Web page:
Scientists searching for evidence of new physics in particle processes that could explain dark matter and other mysteries of the universe have moved one step closer, with the new result of the NA62 experiment reported today at CERN.
The experiment, led by an international team of scientists, demonstrates a new technique which captures and measures the ultra-rare decay of a sub atomic particle called a kaon.
Their results, presented at a CERN Seminar, show how precise measurements of this process could hint at new physics, beyond the Standard Model. Physicists have been searching for extensions to the Standard Model that can predict new particles or interactions that can explain these phenomena.
The new measurement was made at the CERN particle physics laboratory by a team led by the University of Birmingham. The aim of the experiment, called NA62, is to study the sub-atomic particles kaons, containing the strange quark, and a particular way in which they transform into other types of particles with odds around 1 in 10 billion. This process is predicted in detail by the Standard Model with an uncertainty of less than 10 percent, so any deviation from that prediction is an exciting clear sign of new physics.
This kaon decay process is called the ‘golden channel’ because the combination of being ultra-rare and excellently predicted in the Standard model. It is very difficult to capture, and holds real promise for scientists searching for new physics. By capturing a precise measurement of the decay they can identify deviations from the Standard Model prediction. The new result has still limited statistics but has already enabled them to begin putting constraints on some new physics models.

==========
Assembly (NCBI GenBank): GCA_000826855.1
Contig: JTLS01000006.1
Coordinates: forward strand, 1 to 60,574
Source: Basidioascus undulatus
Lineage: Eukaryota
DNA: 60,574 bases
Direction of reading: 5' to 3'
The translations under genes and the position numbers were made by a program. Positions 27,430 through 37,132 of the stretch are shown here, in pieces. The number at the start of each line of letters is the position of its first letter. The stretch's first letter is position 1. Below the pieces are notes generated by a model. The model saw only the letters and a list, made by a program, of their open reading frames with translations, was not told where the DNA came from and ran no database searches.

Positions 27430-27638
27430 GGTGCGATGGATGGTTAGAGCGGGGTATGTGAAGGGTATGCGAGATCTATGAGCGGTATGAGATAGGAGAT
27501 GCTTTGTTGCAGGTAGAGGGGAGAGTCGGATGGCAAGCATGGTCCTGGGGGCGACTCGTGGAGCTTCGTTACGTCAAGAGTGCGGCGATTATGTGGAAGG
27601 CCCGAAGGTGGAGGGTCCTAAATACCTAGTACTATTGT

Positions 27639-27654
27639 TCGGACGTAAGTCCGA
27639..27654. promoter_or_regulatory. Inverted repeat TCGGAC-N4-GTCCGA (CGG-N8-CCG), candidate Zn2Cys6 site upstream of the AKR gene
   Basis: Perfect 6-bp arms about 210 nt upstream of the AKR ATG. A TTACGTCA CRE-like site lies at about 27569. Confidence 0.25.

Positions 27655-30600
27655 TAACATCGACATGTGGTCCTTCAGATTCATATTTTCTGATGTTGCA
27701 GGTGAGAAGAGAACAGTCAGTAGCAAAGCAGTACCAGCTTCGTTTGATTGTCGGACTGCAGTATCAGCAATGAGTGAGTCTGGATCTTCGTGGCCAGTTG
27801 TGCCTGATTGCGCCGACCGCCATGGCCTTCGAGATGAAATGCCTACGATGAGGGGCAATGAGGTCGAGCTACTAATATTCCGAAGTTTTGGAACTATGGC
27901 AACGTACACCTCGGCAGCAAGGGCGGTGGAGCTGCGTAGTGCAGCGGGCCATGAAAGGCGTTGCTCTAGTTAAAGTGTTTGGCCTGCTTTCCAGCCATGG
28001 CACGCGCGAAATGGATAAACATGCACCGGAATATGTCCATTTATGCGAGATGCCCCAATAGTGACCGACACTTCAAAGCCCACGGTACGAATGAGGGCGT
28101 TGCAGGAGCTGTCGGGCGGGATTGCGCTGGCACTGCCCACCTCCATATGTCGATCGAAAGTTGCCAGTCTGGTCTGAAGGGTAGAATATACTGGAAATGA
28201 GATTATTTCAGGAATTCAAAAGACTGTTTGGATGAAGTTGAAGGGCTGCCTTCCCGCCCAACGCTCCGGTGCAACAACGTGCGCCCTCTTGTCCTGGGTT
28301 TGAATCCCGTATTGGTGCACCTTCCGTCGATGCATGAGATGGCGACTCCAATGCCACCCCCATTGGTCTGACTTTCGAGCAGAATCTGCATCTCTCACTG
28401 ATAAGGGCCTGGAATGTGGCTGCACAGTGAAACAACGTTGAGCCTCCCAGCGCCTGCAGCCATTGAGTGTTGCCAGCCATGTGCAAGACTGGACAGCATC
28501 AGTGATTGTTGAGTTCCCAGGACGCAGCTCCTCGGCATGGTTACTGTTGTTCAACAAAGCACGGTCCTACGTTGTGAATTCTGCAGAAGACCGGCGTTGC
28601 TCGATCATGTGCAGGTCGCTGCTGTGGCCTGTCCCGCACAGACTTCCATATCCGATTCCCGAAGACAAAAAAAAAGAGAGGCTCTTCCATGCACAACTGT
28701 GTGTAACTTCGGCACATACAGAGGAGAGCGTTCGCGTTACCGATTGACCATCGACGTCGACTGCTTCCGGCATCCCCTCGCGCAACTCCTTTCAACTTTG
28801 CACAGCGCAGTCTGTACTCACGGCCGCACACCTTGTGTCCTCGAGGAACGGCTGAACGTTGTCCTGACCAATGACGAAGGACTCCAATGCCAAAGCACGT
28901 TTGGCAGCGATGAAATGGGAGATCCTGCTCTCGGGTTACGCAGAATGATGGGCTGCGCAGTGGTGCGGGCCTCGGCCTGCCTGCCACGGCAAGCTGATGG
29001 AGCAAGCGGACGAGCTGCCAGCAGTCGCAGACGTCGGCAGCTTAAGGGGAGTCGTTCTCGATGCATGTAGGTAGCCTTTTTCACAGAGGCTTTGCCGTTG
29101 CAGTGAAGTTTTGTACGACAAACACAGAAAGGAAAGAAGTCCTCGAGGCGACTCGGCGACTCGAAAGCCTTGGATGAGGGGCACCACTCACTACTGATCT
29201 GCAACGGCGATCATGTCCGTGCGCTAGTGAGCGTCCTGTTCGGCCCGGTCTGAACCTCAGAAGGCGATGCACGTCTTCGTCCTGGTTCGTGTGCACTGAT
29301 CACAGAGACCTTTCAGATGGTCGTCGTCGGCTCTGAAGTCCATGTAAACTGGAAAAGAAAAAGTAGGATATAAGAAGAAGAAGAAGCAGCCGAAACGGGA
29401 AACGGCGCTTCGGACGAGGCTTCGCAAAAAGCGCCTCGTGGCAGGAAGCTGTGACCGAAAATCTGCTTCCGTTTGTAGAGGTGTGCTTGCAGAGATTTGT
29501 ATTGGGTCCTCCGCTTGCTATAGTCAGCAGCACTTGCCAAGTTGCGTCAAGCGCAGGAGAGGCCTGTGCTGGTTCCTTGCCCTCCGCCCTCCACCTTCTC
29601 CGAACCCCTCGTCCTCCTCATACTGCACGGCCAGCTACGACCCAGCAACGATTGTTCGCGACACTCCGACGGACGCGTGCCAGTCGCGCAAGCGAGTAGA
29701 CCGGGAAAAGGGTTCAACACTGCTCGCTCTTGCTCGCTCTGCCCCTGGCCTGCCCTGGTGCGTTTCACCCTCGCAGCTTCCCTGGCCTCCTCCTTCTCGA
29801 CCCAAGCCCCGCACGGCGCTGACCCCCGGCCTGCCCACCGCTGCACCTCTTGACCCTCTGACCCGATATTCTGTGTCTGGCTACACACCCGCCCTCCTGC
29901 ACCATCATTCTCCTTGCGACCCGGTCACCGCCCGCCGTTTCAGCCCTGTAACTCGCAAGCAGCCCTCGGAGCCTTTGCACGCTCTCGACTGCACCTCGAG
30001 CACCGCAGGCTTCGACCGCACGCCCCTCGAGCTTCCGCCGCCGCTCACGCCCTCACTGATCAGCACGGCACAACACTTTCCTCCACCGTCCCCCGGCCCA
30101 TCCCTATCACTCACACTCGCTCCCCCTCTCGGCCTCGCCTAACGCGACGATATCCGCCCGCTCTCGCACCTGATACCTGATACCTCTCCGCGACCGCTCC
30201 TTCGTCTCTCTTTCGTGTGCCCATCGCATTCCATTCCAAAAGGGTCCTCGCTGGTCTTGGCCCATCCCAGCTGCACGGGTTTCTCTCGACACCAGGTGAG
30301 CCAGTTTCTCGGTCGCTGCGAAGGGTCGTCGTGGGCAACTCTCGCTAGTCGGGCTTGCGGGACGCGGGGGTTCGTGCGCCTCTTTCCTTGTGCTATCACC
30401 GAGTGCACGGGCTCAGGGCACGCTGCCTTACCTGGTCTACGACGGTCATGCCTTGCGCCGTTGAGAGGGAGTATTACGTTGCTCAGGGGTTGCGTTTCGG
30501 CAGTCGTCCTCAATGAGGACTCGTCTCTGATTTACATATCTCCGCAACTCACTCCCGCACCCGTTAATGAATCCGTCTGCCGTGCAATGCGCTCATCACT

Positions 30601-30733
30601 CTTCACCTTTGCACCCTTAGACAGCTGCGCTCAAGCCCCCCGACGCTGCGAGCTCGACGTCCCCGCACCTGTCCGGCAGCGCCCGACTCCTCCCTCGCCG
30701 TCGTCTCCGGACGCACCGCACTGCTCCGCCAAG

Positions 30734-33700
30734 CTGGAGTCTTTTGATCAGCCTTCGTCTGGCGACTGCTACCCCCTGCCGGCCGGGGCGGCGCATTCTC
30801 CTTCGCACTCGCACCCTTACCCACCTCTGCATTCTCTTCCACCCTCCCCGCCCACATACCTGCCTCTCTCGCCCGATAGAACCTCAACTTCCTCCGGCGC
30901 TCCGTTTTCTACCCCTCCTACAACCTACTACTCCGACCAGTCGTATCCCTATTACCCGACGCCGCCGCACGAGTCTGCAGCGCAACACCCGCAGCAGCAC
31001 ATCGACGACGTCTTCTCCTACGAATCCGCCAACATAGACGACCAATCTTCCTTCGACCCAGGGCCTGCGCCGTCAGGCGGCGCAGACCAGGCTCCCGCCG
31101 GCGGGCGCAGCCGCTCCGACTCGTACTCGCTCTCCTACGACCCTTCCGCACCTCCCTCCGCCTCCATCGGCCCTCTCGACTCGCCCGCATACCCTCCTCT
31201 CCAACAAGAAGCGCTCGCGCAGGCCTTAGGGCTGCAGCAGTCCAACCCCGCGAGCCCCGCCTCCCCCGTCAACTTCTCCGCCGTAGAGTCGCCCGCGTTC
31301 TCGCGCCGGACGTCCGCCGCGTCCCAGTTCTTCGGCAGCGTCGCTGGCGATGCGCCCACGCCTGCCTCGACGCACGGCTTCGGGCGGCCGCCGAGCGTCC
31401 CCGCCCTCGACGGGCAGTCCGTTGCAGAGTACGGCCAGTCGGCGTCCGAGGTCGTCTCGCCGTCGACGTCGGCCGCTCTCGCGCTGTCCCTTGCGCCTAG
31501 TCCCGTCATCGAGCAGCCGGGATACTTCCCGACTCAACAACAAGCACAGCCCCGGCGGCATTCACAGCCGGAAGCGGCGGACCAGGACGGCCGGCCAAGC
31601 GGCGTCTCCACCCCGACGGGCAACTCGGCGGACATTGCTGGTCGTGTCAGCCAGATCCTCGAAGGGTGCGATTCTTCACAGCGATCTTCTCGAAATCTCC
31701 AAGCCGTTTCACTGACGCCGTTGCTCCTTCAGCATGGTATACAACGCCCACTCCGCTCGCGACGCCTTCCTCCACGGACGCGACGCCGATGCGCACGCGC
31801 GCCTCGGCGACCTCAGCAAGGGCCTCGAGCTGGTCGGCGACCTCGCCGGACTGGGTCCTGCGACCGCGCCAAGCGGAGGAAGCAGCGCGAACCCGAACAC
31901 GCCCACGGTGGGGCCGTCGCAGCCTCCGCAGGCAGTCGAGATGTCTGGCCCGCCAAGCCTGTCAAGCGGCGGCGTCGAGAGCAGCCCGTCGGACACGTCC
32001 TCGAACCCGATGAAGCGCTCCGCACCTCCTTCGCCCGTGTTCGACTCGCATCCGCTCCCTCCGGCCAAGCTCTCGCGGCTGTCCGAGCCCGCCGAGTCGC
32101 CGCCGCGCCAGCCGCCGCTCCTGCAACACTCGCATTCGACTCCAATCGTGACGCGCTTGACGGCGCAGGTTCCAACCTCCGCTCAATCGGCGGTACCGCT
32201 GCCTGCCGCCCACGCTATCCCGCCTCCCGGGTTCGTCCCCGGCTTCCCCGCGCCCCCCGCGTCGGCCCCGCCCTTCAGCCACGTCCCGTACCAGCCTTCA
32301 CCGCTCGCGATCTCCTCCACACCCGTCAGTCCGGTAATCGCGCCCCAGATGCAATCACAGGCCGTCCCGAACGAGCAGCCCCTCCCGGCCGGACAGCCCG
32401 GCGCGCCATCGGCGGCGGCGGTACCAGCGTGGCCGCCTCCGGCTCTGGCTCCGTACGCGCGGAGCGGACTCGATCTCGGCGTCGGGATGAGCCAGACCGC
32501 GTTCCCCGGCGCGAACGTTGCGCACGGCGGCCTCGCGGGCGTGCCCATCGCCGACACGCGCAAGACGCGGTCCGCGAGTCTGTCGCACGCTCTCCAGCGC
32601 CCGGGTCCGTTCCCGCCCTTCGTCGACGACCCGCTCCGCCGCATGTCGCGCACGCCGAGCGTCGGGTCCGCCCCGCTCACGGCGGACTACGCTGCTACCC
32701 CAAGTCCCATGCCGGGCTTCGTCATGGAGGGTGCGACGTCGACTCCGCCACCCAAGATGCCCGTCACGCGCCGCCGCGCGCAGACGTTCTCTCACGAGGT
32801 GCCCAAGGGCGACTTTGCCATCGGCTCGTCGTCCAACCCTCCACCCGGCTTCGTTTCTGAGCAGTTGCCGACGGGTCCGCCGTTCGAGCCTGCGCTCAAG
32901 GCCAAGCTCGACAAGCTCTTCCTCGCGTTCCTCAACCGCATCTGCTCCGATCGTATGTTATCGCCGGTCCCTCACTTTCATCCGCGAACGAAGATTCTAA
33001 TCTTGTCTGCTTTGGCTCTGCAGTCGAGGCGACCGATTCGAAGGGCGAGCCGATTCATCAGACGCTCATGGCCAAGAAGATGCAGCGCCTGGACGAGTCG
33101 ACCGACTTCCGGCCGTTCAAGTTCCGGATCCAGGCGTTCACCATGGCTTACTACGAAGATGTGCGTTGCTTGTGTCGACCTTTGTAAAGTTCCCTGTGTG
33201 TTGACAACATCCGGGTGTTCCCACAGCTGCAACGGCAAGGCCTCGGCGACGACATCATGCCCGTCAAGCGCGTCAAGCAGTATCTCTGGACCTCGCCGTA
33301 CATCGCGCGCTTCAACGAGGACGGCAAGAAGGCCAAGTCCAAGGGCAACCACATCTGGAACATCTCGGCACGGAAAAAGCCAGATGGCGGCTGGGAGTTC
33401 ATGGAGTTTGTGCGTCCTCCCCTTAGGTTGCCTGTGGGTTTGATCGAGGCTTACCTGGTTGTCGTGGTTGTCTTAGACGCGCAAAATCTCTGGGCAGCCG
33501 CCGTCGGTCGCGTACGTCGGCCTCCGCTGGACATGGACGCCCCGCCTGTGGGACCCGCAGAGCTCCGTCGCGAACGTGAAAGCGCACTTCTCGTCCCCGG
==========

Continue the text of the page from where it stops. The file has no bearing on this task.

The experiment took place over three years at CERN’s Prevessin site, in France and involves about 200 scientists from 27 institutions. The aim was to measure precisely how the kaon particle decays into a pion and a neutrino–antineutrino pair using the proton beam from CERN’s Super Proton Synchrotron (SPS). The kaons are created by colliding high energy protons from the SPS into a stationary beryllium target. This creates a beam of secondary particles which contains and propagates almost one billion particles per second, about 6% of which are kaons.
Because the process being measured is so rare, the team had to be particularly careful not to do anything that might bias the result. For that reason, the experiment was carried out as a “blind analysis,” where physicists initially only look at the background to check that their understanding of the various sources is correct. Only once they are satisfied with that, they look at the region of the data where the signal is expected to be. The experiment will analyze further data taken in 2018 and publish it next year.
This is a big step forward for the field of particle physics that will enable us to explore new ways to understand our universe. This has been made possible through a huge team effort from all the institutes that have collaborated with each other and the continuous support from CERN.